by Venerable S. Dhammika
Recently the statistics for Singapore’s 2010 censes were released. For local Buddhists they make sad but perhaps not surprising reading. In the 10 years between 2000 and 2010 the number of Buddhists dropped from 42.5% to 33.3%. A further breakdown of the figures also showed that the older a person was and the lower their education standard the more likely they are to be Buddhist. During the same period Christianity in the republic grew from 14.6% to 18.3% and the younger a person is and the better educated, the more likely they are to be Christian. The same was true for those who described themselves as having no religion. They grew from 14.8% to 17%. The trend is clear. Even having no religion is a better option that Buddhism. Sorry to say statistics from Korea, Hong Kong and Taiwan show a similar trend. Buddhism is failing to speak to young, well-educated, modern people. A visit to a good number of temples and Buddhist societies will show the reasons for this trend; commercialized spirituality, absence of Dhamma education, lack of social engagement, poor leadership, etc. The almost complete absence of networking between Buddhists also doesn’t help either. ‘You do your thing. I’ll do mine’ is the norm for Buddhist groups, temples and organizations. In contrast to this Christian churches in Singapore (and everywhere else in Asia) are dynamic, socially engages, highly motivated and well-organized. Their outreach strategies are also highly effective, although some would describe them as intrusive and aggressive as well. Nonetheless, they bring in the converts. Trying to find out about Dhamma from the average Buddhist rarely works because they rarely know any. Temples and societies emphasise ritual activities rather than solid Dhamma education. During the 1980s the decline of Buddhism slowed somewhat probably because of the introduction of religious knowledge in schools. This meant that a generation of nominally Buddhist kids got from school what they never got from the temple – some basic knowledge of the Dhamma.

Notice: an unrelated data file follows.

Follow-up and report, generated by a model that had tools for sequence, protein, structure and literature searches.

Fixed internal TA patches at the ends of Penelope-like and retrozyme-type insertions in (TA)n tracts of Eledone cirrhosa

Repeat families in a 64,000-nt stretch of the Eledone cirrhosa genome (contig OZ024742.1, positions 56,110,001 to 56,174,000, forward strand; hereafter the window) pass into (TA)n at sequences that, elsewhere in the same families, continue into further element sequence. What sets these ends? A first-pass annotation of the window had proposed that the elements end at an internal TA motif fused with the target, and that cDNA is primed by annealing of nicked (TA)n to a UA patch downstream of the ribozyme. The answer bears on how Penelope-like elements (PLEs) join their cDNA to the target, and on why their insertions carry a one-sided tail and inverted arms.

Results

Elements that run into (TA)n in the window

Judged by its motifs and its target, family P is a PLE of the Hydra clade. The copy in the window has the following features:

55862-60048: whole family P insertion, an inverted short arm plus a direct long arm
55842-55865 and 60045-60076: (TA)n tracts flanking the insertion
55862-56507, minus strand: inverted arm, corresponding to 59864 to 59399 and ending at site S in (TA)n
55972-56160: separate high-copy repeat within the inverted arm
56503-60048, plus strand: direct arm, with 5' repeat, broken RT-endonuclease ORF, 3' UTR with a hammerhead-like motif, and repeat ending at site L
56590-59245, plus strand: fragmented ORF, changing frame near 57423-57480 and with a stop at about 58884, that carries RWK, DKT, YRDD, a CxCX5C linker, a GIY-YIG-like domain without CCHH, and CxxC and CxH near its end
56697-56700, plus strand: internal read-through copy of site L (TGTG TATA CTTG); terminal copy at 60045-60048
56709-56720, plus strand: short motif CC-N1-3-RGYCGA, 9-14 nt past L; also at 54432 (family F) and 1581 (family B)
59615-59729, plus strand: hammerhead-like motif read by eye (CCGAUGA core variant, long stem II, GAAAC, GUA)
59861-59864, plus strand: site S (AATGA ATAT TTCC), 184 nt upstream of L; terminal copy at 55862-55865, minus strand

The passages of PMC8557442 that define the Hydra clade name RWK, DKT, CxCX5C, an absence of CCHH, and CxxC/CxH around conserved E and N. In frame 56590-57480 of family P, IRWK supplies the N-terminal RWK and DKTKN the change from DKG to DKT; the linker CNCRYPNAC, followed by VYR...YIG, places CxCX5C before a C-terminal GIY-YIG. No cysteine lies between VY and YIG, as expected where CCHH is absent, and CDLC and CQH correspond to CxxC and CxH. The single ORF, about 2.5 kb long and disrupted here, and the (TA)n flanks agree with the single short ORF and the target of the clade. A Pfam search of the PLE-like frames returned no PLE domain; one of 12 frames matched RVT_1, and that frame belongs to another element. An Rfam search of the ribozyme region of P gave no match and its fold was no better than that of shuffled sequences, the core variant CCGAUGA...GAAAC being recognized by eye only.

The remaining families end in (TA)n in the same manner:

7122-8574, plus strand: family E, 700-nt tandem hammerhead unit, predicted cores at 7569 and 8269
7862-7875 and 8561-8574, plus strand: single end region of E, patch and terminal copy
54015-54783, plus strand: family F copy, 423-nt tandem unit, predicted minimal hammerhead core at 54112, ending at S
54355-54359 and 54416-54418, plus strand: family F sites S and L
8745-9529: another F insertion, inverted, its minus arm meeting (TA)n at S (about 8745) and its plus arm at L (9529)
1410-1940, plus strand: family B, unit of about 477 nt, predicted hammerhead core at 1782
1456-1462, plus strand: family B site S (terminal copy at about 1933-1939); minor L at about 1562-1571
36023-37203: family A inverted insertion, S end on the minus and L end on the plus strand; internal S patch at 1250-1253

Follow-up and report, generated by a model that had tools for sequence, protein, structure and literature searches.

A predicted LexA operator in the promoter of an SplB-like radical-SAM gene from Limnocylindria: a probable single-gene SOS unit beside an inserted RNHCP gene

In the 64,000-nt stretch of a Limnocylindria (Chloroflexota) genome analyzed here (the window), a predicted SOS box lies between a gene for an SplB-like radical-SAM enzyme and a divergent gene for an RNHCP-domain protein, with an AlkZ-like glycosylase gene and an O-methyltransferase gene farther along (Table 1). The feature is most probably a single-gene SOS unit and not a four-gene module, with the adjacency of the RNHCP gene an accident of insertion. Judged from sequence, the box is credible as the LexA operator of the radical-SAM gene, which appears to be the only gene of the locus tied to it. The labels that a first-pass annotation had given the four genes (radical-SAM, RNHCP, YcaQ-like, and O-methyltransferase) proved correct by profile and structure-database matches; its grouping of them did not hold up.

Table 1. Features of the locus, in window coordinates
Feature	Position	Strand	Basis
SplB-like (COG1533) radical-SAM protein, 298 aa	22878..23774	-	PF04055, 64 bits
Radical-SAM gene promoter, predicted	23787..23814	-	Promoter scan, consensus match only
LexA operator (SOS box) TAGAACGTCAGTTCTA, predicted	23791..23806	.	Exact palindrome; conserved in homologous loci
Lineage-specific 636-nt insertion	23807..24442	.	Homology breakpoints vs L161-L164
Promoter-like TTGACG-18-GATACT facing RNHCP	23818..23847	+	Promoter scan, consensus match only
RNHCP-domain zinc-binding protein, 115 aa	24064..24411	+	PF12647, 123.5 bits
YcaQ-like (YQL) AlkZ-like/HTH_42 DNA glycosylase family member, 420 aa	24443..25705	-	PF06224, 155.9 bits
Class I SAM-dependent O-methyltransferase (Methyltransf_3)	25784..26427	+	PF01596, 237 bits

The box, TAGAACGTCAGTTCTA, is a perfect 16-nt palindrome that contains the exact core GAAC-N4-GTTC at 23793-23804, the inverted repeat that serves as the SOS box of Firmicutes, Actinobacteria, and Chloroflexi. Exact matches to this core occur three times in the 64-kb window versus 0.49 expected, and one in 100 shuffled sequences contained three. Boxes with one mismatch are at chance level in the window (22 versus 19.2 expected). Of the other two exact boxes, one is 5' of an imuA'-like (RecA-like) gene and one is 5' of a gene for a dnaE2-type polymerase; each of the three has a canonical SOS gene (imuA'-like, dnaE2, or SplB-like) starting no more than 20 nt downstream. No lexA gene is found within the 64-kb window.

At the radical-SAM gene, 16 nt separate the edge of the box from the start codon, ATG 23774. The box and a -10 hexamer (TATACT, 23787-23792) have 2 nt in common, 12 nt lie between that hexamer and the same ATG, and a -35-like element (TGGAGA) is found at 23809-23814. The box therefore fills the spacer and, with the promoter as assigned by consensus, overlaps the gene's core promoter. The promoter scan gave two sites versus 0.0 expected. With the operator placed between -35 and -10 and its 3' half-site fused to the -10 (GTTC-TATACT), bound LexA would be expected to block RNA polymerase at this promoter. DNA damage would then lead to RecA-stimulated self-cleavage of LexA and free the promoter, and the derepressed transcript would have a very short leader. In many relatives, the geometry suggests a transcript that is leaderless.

Of course the recent statistics could be read from another perspective. It is actually likely that there are more ‘real’ Buddhists (‘real’ in the sense that they are more than just nominal Buddhists) today than there were in 2000. It may be that nominal Buddhists are simply defining themselves differently, as non-religious or as Taoists. Whatever the case, there is no room for complacency, although I suspect that the complacency will persist.